Wireless obviously doesn't work.

> Is there are write up of this anywhere? This is truely massive

Massive? Samsung has been building smart apartments for over a decade now. Those are way bigger

I didn’t know this, thank you.

If you're interested in a similar solution (albeit closed sourced and managed) that works in a non-cloud, fully off-line (re: internet) environment. Take a look at http://www.hubitat.com. It supports zigbee, zwave and wifi devices and has strong compatibility with the smartthings ecosystem.

Need a bit intro as even state of union seem to need to watch a video. The problem is it said open source then there is here and there Alexa. Do not want to go into Apple and amazon and google ecology sphere as long as I can. It is my home. Not want someone listen to mine. Not to mention we do not know what authorury can get hold of given in a police state here

Is it possible to adopt this as a manufacturer? For example, can we deploy easily new functionality? Can we push security updates?

Assuming you’re a manufacturer, it would be really amazing if you were to adopt a system like this. Instead everyone currently tries to get you locked in the their own proprietary crappy system that’s going to be shut down in two years because everyone is smart enough to see through the scheme and doesn’t buy into it.

Check out the existing hass.io infrastructure and HassOS open-source project, which among other bits assist in pushing security updates:

* https://www.home-assistant.io/hassio/

* https://github.com/home-assistant/hassos

I looked at using hassOS as a base for my rpi project but I struggled with how exactly to do that. Looking at the readmes in that repo it doesn't look like anything has changed on the documentation front.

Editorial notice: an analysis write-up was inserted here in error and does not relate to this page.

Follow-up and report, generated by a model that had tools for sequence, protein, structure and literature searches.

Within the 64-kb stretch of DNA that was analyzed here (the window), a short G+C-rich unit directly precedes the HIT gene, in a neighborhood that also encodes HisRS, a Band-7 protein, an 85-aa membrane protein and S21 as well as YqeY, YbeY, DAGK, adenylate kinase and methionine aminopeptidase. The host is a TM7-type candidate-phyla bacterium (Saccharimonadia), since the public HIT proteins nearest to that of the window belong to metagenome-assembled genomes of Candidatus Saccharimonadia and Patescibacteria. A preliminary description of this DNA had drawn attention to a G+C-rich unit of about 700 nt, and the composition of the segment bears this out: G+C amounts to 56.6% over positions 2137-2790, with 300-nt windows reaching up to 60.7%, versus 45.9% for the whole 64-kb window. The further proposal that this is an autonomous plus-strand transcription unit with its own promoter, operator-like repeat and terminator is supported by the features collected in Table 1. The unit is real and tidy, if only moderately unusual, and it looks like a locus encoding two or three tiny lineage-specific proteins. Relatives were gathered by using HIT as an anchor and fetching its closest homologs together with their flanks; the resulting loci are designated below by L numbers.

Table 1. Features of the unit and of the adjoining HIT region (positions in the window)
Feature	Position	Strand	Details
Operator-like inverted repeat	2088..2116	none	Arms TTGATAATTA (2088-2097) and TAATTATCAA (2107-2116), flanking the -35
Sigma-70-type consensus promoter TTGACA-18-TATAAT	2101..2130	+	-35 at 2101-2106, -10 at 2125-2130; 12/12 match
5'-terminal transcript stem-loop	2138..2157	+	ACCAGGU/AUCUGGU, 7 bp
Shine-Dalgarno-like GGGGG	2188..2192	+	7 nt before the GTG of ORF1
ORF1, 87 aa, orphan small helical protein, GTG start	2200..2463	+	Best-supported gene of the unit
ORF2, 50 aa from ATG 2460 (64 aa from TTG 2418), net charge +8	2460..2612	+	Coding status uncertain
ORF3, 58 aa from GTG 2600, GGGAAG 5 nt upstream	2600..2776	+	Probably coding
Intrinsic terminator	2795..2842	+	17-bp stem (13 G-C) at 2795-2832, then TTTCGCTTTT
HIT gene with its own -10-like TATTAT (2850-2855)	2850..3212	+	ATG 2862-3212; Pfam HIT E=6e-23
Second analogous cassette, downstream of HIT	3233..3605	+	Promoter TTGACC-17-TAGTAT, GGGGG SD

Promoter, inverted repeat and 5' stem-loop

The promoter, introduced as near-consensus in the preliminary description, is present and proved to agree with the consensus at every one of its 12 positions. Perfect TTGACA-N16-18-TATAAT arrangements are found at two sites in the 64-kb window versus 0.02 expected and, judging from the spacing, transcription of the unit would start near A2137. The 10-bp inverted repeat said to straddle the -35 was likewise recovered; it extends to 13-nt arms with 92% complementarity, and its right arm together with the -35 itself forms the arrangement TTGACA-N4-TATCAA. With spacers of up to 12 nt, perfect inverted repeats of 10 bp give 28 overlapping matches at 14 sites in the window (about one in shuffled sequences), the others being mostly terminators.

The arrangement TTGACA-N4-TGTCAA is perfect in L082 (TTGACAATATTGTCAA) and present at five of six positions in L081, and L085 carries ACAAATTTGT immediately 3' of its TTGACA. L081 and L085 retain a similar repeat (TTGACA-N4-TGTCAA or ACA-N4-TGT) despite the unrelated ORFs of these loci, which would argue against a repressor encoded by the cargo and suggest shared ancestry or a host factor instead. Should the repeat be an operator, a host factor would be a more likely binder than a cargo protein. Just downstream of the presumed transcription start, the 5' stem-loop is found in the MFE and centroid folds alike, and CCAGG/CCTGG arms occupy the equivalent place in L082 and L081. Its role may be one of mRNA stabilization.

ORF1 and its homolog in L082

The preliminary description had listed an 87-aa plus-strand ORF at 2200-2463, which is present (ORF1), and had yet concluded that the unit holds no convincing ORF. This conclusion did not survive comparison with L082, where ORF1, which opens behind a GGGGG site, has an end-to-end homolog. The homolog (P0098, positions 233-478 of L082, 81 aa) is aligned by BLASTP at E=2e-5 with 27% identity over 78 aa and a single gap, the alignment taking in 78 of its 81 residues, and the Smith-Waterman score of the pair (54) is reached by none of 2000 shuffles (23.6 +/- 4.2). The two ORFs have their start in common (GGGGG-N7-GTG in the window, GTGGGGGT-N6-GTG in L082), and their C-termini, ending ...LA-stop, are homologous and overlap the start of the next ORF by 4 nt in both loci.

It's a Python service license under Apache 2.0. If you write tooling around it to perform updates/rollbacks (and whatever else you need) then yes.

For that Ubuntu Core seems more appropriate.

It's the kind of tooling that is a lot of work even though it might not seem like it at first sight.

I spun this OS up as a VM and it does not detect my Wemo smart plugs. However, I'm also not able to detect them from my current phone (running v1.24, I believe, of the app). However, my former phone, which is still running v1.23.1 of the app, _is_ able to see them and connect to them.

Anyone else experiencing this same thing?

If only it was not so painful to package.


Great to see this thread. Was thinking about getting into this just some days ago.

What hardware are you people running the system on? Raspberry Pi? Or something more beefier? Or less?

I think they recommend a RPi 4 for the latest release...

Can anyone comment on pros and cons of running it virtualized on a Linux host? I have capable hardware and would like to run it on that rather than on a separate Pi device.

I use the official HA docker version (not Hassio). It exactly replicates a manual installation of HA.

Works great, I use it in network host mode because I did it by mistake initially and suddenly discovered a few devices which joined via broadcast (my Logitech Hub especially).

I recently installed hassio in docker on a VM on a fitlet2 (also running asterisk and pi-hole on the same machine each in a separate VM). So far no problems controlling a TV and some z-wave light switches.

I run it virtualized. Have not come across any cons ( though I do not direct attach any devices, so don’t deal with configuring pass through yet )

Yeah, fundamentally it's just a Python application. I run it in a virtualenv on my Ubuntu desktop.

A Pi is fine, but don't rely on the SD card for storage. Home Assistant is very write-heavy (since it logs state changes, etc), and will kill an SD card pretty quickly. You're better off using the SD card as a read-only boot device and then use an external drive for the actual system.

I connected a 1TB SATA SSD to one of my RPI machines with the Element 14 "PI DESKTOP - HAT AND ENCL". ($50) It's a nice RPI case with some extras. See: https://www.youtube.com/watch?v=Gh7AFRIdGi8

Thanks, that's important information. What kind of Pi should I use? Got a Pi 1 laying around which could be nicely powered by my router, but I doubt that will be enough...

Give it a shot, HA isn't that resource intensive.

Can anyone recommend an affordable temperature/humidity sensor?

I would flash it with Tasmota, but these sensors are cheap/awesome: https://www.amazon.com/Sonoff-Temperature-Humidity-Controlle...

Xiaomi Aquara devices. They work with Zigbee, which I manage through Zigbee2MQTT (https://www.zigbee2mqtt.io/).